King v. Burwell leaves Supreme Court currently divided on the future for Obamacare

Initial reactions to the King v. Burwell case facing the Supreme Court beginning today indicate that there’s a clear split. Not surprisingly, the four liberal members of the court are in support of the administration’s position on the matter. But in order to win, it looks like a vote from Chief Justice John G. Roberts […]

Initial reactions to the King v. Burwell case facing the Supreme Court beginning today indicate that there’s a clear split.

Not surprisingly, the four liberal members of the court are in support of the administration’s position on the matter. But in order to win, it looks like a vote from Chief Justice John G. Roberts Jr. or Justice Anthony M. Kennedy will be the only hope.

According to The New York Times, the chief justice didn’t say much and Justice Kennedy addressed issues on both sides of the case but stated to the law challengers’ lawyer, “Your argument raises a serious constitutional question.”

As many as 7.5 million Americans would have their health insurance coverage jeopardized if it’s ruled that receiving subsidies is illegal.

The Washington Post pointed to a potential discrepancy brought up by Justice Ruth Bader Ginsburg on whether or not the plaintiffs all have standing in court, citing the fact that one of them served in the military and could potentially get coverage through the Veterans Administration.

“I’m a little concerned with how you envision this provision working,” Justice Sonia Sotomayor told Michael Carvin, the attorney for the plaintiffs.

She said without subsidies, the insurance markets in states that have been relying on the federal exchange will likely fall apart.

“Tell me how that is not coercive in an unconstitutional way?” Sotomayor asked.

In King v. Burwell, wording of the law is the primary reason it has gotten complicated, and inevitably that came up in court. Tejinder Singh explained how approaching “anomalies” in the law were addressed for the SCOTUSblog.

Justice Breyer began by offering Carvin “5 to 10 minutes to respond” to the idea that his interpretation of the statute would create anomalies, i.e., that if the phrase “established by the state” is read to exclude exchanges created by HHS, then other provisions of the statute that also use that phrase would be rendered inoperative or nonsensical. Carvin responded by going through Breyer’s list of anomalies and offering his responses to them. He also argued that the federal government’s interpretation would create more anomalies, including the potential loss of Medicaid funding for states that don’t establish exchanges because they could not ensure coordination between the federal exchanges in their states and other relevant officials (a prerequisite to Medicaid funding).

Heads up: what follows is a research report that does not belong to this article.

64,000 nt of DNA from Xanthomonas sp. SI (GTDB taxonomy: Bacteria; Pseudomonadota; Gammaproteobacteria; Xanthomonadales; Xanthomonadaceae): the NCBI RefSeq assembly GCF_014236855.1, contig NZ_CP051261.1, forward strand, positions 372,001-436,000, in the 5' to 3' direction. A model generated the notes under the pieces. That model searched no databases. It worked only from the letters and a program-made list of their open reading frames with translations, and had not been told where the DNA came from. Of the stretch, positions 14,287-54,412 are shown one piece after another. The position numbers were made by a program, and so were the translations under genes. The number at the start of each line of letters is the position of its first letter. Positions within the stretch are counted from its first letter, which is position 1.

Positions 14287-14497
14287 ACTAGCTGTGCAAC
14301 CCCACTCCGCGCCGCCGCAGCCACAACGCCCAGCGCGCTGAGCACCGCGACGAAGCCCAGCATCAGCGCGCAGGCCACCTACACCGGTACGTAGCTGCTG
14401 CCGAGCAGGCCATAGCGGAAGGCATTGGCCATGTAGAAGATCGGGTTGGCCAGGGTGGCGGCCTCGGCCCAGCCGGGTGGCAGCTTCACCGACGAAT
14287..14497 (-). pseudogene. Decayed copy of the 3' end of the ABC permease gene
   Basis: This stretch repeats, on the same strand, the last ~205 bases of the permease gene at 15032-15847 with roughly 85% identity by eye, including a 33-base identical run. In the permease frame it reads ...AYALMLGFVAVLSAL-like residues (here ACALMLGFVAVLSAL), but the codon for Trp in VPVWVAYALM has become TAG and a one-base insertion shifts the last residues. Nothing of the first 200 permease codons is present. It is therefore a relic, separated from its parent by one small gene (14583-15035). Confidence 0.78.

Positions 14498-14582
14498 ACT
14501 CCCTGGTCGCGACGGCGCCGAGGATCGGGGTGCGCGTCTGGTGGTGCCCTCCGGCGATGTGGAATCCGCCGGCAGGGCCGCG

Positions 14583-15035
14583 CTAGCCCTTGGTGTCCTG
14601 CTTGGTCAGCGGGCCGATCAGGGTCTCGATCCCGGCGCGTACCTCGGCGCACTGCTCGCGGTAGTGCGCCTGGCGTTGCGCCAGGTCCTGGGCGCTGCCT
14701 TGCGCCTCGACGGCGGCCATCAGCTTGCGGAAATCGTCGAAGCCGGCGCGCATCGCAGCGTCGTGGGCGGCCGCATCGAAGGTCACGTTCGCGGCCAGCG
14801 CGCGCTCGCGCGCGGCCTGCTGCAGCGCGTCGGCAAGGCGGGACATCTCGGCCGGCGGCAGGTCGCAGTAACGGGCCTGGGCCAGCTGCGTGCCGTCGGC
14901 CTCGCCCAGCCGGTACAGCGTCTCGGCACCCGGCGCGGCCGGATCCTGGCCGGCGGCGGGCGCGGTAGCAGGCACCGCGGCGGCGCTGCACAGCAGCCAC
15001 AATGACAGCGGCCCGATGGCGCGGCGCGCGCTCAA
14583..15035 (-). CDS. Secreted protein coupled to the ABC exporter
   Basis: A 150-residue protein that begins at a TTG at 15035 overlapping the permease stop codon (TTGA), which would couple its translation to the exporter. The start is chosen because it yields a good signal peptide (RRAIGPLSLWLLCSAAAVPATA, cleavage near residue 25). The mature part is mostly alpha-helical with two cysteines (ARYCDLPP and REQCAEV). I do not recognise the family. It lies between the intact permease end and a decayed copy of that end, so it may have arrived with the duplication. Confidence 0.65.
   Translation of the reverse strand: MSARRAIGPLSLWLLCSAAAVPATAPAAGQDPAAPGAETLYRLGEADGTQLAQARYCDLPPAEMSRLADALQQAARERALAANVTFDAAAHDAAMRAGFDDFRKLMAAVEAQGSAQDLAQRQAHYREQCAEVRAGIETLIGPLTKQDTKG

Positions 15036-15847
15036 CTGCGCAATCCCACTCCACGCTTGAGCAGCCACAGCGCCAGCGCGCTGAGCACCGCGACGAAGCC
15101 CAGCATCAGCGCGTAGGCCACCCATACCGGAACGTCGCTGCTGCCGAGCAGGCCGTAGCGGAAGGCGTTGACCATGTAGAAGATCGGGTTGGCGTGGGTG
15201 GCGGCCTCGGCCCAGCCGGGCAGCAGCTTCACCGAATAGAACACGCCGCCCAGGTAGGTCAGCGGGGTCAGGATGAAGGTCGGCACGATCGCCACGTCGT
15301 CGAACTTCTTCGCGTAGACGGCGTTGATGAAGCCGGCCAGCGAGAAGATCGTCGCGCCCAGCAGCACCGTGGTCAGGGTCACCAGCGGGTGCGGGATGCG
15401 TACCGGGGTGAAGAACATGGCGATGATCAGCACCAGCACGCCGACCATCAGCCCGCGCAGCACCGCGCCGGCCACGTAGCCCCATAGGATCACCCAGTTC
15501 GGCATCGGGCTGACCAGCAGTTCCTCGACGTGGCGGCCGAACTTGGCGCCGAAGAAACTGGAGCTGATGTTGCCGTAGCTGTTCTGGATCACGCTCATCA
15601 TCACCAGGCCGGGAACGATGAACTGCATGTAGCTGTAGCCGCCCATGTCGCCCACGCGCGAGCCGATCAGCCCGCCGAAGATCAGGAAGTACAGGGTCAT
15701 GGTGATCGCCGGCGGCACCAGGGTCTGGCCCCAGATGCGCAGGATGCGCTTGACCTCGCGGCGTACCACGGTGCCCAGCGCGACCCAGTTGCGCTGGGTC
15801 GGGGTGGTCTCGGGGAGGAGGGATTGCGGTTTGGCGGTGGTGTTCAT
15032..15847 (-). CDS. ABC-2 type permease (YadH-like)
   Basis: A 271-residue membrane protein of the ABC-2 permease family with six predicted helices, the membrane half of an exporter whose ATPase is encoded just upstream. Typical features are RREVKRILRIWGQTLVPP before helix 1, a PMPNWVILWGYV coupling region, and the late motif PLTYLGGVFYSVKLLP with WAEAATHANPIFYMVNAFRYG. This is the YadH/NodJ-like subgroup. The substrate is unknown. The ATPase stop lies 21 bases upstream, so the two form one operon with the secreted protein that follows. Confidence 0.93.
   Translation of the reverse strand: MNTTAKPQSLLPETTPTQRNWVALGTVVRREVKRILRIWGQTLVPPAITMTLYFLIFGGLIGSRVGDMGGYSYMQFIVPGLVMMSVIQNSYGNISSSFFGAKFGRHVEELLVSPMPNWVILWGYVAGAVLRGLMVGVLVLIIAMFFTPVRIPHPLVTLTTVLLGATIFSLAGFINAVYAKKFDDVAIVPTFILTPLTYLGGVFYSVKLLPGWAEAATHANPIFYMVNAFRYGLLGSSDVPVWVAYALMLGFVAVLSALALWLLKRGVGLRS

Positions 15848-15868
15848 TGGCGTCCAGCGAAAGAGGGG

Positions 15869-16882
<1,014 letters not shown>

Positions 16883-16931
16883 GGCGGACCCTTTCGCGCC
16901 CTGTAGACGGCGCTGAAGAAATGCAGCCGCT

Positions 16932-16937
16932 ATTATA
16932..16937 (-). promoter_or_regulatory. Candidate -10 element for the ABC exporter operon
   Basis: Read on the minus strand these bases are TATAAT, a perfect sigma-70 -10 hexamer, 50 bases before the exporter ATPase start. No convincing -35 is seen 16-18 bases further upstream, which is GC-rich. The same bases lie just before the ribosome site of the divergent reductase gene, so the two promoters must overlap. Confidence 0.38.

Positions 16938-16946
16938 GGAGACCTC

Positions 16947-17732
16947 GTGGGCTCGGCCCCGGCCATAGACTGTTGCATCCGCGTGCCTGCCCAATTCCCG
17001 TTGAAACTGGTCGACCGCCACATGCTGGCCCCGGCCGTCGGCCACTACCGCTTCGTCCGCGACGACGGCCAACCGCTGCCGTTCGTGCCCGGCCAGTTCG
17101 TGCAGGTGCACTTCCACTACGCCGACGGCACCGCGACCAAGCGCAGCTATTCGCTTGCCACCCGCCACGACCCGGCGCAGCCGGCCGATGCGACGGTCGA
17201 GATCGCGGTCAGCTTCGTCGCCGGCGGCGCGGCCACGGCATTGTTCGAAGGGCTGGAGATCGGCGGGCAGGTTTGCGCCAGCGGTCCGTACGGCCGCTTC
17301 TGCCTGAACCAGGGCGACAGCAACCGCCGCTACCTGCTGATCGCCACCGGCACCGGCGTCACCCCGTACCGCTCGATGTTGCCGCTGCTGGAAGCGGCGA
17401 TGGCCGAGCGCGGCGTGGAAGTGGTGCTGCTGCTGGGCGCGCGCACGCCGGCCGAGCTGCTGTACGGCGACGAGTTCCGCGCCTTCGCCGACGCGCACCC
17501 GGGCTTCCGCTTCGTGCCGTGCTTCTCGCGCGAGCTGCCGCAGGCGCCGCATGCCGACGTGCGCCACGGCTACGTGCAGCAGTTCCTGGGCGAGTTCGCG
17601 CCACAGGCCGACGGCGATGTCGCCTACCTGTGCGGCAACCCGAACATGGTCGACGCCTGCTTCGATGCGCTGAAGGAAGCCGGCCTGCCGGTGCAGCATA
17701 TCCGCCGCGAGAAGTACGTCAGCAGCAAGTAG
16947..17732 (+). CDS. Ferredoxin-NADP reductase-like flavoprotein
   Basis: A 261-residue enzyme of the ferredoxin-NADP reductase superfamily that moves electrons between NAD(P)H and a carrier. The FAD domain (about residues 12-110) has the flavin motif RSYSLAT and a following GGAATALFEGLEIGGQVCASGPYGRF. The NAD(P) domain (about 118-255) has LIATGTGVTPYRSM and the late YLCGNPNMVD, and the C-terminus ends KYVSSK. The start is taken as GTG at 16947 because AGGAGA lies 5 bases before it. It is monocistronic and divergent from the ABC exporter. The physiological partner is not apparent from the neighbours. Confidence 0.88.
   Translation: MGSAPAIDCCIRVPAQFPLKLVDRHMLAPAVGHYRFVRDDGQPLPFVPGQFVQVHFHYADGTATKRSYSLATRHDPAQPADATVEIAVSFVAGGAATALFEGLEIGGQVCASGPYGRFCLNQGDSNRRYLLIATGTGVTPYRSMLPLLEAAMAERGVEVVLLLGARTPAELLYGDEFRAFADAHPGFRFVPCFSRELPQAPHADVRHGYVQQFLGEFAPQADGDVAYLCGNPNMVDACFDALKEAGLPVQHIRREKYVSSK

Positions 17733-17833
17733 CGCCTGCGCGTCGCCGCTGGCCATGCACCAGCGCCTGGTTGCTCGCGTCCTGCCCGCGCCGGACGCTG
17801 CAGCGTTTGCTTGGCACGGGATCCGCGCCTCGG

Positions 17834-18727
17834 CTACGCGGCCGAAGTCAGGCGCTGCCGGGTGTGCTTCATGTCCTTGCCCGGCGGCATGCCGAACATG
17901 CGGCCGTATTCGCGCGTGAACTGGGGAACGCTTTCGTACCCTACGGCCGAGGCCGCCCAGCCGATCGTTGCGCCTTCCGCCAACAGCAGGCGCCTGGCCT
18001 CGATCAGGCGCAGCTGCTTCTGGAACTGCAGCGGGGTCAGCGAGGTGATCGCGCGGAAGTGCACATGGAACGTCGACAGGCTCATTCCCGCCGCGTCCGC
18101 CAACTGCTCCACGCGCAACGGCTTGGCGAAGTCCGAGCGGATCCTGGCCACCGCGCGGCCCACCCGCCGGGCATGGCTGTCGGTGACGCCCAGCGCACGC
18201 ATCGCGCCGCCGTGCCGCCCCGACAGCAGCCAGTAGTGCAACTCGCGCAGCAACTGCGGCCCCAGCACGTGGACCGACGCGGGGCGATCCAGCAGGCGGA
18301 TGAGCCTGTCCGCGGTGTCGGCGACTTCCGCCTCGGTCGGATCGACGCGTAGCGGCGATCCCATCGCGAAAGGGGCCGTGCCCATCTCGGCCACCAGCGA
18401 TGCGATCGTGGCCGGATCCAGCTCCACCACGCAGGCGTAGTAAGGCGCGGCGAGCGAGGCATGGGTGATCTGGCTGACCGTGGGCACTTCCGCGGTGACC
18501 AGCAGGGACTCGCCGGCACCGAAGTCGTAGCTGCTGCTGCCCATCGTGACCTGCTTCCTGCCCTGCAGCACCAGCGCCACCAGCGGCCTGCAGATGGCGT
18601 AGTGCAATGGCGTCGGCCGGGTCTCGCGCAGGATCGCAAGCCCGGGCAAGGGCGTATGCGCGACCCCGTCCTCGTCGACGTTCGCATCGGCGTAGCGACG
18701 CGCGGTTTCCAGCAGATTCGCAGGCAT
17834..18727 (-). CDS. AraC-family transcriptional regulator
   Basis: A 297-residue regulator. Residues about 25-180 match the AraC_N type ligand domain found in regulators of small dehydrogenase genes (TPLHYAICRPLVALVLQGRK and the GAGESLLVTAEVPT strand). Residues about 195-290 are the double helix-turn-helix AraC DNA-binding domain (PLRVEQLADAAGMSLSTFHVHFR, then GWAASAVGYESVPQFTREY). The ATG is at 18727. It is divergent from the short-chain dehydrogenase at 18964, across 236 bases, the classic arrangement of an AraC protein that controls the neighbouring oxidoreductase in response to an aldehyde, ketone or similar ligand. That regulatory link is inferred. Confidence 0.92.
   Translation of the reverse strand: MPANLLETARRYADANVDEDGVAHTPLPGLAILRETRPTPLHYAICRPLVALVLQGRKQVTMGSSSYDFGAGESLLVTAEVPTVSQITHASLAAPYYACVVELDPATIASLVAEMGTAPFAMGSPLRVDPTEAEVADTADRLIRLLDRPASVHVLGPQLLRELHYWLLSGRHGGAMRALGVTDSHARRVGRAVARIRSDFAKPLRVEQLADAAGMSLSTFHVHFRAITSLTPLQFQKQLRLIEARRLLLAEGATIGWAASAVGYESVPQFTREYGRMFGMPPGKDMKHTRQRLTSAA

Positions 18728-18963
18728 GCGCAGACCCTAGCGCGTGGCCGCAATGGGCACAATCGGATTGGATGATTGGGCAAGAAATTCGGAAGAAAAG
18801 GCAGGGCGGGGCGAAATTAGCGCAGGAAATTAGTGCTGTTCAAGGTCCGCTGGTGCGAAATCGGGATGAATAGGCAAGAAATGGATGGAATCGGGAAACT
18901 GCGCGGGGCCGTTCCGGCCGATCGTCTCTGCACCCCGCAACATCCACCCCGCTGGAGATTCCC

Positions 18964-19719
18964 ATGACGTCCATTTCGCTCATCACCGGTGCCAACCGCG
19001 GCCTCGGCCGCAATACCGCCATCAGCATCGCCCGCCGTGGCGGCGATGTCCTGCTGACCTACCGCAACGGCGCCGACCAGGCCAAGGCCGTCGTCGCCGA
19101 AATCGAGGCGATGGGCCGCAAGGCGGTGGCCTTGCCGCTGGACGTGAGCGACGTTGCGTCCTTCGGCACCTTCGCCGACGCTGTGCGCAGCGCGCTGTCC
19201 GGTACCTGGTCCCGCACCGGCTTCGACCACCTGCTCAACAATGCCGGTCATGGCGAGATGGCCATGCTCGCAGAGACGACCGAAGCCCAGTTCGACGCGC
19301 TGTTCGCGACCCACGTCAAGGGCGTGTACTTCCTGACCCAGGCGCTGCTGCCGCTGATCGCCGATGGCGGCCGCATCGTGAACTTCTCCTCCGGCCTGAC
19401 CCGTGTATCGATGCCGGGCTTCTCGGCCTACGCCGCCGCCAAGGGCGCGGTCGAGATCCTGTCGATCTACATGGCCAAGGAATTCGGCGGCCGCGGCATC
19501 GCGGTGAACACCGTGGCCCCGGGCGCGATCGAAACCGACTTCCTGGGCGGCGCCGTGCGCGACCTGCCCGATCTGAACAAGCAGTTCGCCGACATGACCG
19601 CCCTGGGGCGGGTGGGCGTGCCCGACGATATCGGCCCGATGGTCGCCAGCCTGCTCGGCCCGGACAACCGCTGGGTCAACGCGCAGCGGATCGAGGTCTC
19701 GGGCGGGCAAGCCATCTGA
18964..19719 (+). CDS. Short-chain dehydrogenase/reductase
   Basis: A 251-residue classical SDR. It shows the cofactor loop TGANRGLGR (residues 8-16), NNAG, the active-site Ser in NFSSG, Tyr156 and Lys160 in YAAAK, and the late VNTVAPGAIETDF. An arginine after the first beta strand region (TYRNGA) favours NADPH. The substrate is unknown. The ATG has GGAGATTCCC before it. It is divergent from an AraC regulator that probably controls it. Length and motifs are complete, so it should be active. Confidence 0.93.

The most interesting “anomaly” raised, and the one that received the most attention, refers to “qualified individuals” under the statute. The statute provides that insurance shall be made available on exchanges to “qualified individuals,” and further defines a “qualified individual” to mean, “with respect to an Exchange, an individual who” both wants to enroll in a qualified plan, and also “resides in the State that established the Exchange.” The government, as well as Justices Breyer and Kagan, argue that if the only way for a state to “establish” an exchange is to create it on its own, then there would be no “qualified individuals” in states that failed to do so, and therefore there would be nobody on the exchanges (and, as Justice Kagan surmised, no product to sell on the exchanges).

This issue has gotten split reviews thus far, which makes the current standing with SCOTUS not entirely surprising:

Among the six appeals court judges who considered the arguments in the two cases, two said it was clear the subsidies should not be allowed and two said it was clear the law intended for everyone to receive them. The other two formed the controlling opinion from the 4th Circuit, which said it was a close call.

“Simply put, the statute is ambiguous and subject to at least two different interpretations,” wrote U.S. Circuit Judge Roger L. Gregory.

For now, we wait and see how things developed. A decision isn’t expected until June.

This video helps outline the details of how what’s in question actually affects consumers.